Pill Swallowing

Discussion in 'General Parenting' started by joneshockey, Aug 26, 2010.

  1. joneshockey

    joneshockey Guest

    Hey everyone!
    I was wondering if anyone has any good ideas as to how to get my 7 year old son to swallow his medication. He was just perscribed Vyvanse yesterday and he is having a VERY difficult time trying to get it to go down. I bought tic tacs yesterday and we tried to practice last night, since this is the first time he has been required to swallow anything, but were not successful. I also tried putting the tic tac on a spoon of applesauce and that did not work either. I tired having him sip through a straw to force the tic tac back, but it seems that his tougue is getting in the way everytime!! He can't figure out how to lay it flat in his mouth. This morning when he actually had to take the pill I ended up pushing it all the way back with my finger and he gagged quite dramatically, but it went down... I REALLY want him to be able to do it on his own, but just don't know what else to try. Any insight would be GREATLY appreciated!!

    On a more positive note... I did notice for the first time EVER that he did something I asked him to do the first time I asked!!! :D
     
  2. liz

    liz Guest

    For my son, we put the medication on a spoon with some chocolate sauce. But, sometimes kids cannot get it down no matter what. Hopefully, he will be able to do it on his own soon. Is it OK if you open the capsule and pour it into his milk in his cereal or something like that? Maybe that will work :)
     
  3. LittleDudesMom

    LittleDudesMom Well-Known Member Staff Member

    We tried the whole summer before first grade to get my difficult child to take a pill! We used the tic tac method, tried the easy swallow pill cup, as well and even bribed him with a trip to Toys R Us - no success. A week before school started I wanted him to start taking the pill so, knowing he loved the book Stellaluna, I told him, "Son, you are just going to have to be Stellaluna. I'll be the mommy bird and I'm going to drop a bug an icky bird down your throat!" It worked! For years I just had him put his head back, open his mouth, and I dropped it in while he held a glass of water to drink right away!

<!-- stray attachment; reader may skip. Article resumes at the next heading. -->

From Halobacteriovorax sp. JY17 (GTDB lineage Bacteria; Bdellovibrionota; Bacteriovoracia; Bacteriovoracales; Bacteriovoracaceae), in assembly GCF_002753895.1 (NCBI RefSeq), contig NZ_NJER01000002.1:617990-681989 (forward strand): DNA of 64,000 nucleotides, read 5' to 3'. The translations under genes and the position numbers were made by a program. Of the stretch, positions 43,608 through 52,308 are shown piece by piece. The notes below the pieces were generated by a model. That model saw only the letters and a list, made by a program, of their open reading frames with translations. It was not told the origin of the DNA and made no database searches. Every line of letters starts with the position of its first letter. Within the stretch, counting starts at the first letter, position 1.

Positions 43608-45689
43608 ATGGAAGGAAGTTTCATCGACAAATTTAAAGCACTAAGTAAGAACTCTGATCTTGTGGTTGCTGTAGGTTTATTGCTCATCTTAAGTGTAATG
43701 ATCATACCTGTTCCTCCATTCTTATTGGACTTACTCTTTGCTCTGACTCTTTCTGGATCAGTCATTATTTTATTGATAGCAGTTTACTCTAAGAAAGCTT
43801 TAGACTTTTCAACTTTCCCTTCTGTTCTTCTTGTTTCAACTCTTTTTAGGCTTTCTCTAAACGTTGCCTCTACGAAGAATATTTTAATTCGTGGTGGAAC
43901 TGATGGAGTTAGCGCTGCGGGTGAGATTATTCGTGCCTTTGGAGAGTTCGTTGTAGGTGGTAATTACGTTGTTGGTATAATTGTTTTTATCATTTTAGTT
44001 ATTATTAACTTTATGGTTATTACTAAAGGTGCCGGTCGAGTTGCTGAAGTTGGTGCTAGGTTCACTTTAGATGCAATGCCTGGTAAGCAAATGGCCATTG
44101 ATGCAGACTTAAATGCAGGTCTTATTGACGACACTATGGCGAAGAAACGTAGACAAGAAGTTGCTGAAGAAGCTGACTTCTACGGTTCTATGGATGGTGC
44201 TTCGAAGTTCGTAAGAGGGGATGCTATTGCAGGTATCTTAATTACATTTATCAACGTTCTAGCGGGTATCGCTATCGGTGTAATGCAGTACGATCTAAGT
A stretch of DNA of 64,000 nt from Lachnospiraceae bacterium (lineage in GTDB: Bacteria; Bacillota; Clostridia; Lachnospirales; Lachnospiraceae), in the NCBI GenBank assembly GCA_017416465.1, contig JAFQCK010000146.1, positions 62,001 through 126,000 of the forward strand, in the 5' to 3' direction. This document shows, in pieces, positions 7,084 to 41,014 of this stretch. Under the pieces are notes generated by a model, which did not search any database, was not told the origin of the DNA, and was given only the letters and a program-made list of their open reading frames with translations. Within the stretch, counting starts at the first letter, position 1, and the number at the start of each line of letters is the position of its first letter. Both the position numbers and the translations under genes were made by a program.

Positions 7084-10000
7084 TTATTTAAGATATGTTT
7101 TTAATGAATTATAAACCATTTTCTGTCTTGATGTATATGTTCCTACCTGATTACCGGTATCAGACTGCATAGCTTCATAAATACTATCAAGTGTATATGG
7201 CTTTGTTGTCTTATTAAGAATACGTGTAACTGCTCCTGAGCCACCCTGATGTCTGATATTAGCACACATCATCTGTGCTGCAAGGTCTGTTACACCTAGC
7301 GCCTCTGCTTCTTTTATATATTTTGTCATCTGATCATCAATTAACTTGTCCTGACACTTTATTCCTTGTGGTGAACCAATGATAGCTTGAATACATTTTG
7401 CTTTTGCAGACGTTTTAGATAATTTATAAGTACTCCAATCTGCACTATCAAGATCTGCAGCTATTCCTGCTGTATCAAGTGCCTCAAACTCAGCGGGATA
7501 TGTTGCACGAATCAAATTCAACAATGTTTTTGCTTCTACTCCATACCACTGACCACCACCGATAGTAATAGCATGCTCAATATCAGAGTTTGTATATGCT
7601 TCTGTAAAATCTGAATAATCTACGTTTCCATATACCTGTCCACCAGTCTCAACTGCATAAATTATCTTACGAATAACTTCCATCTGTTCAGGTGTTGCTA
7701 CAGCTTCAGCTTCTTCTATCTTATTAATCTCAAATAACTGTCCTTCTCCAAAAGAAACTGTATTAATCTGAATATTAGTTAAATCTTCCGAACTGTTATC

You never know......

    Sharon
     
  4. nvts

    nvts Active Member

    Hi! The "Alien Slime Swallow" is king!!! Chocolate or vanilla pudding cups OR applesauce or something similar (yogurt too!). Spoon out a bite, bury the pill in the spoonful and pop it in the mouth. You don't chew pudding, yogurt or applesauce so he's used to just swallowing. After a while he'll be a pro and life will get much easier.

    Call it the Alien Slime Swallow and he'll really get into it - after all he's 7 and a boy!!! :thumbsup:

    Good luck!

    Beth
     
  5. susiestar

    susiestar Roll With It

    The Alien Slime Swallow sounds like a great method to me. Get the mini M&Ms to practice with - for some reason they work better than tic tacs. Maybe it is the shape? You can get them in tubes at the candy counter or in the baking aisle in semisweet chocolate by the chocolate chips.

    I don't think vyvanse is a medication you can open up because it is time released. If this is an insurmountable issue they do make a patch with a stimulant in it, I think it is called daytrana. You just stick it on your child someplace where he won't pull it off and let it go.

    There is also a thread in the Early Childhood Archives titled "Pill Swallowing Help". You can either skim the Easy Child Archives or use the phrase in a search to find other ideas.

    For medications you can open up, putting them into a spoonful of choc syrup and letting the child have a second spoonful to get rid of the taste works like a charm. Just be sure to use a small spoon (Wiz once brought me a serving spoon thinking I would fill it full with choc syrup!) and stir the medication in with a toothpick.
     
  6. KTMom91

    KTMom91 Well-Known Member

    I used the mini M&M's with Miss KT...with the benefit of eating the leftovers! It worked really well.
     
  7. Wiped Out

    Wiped Out Well-Known Member Staff Member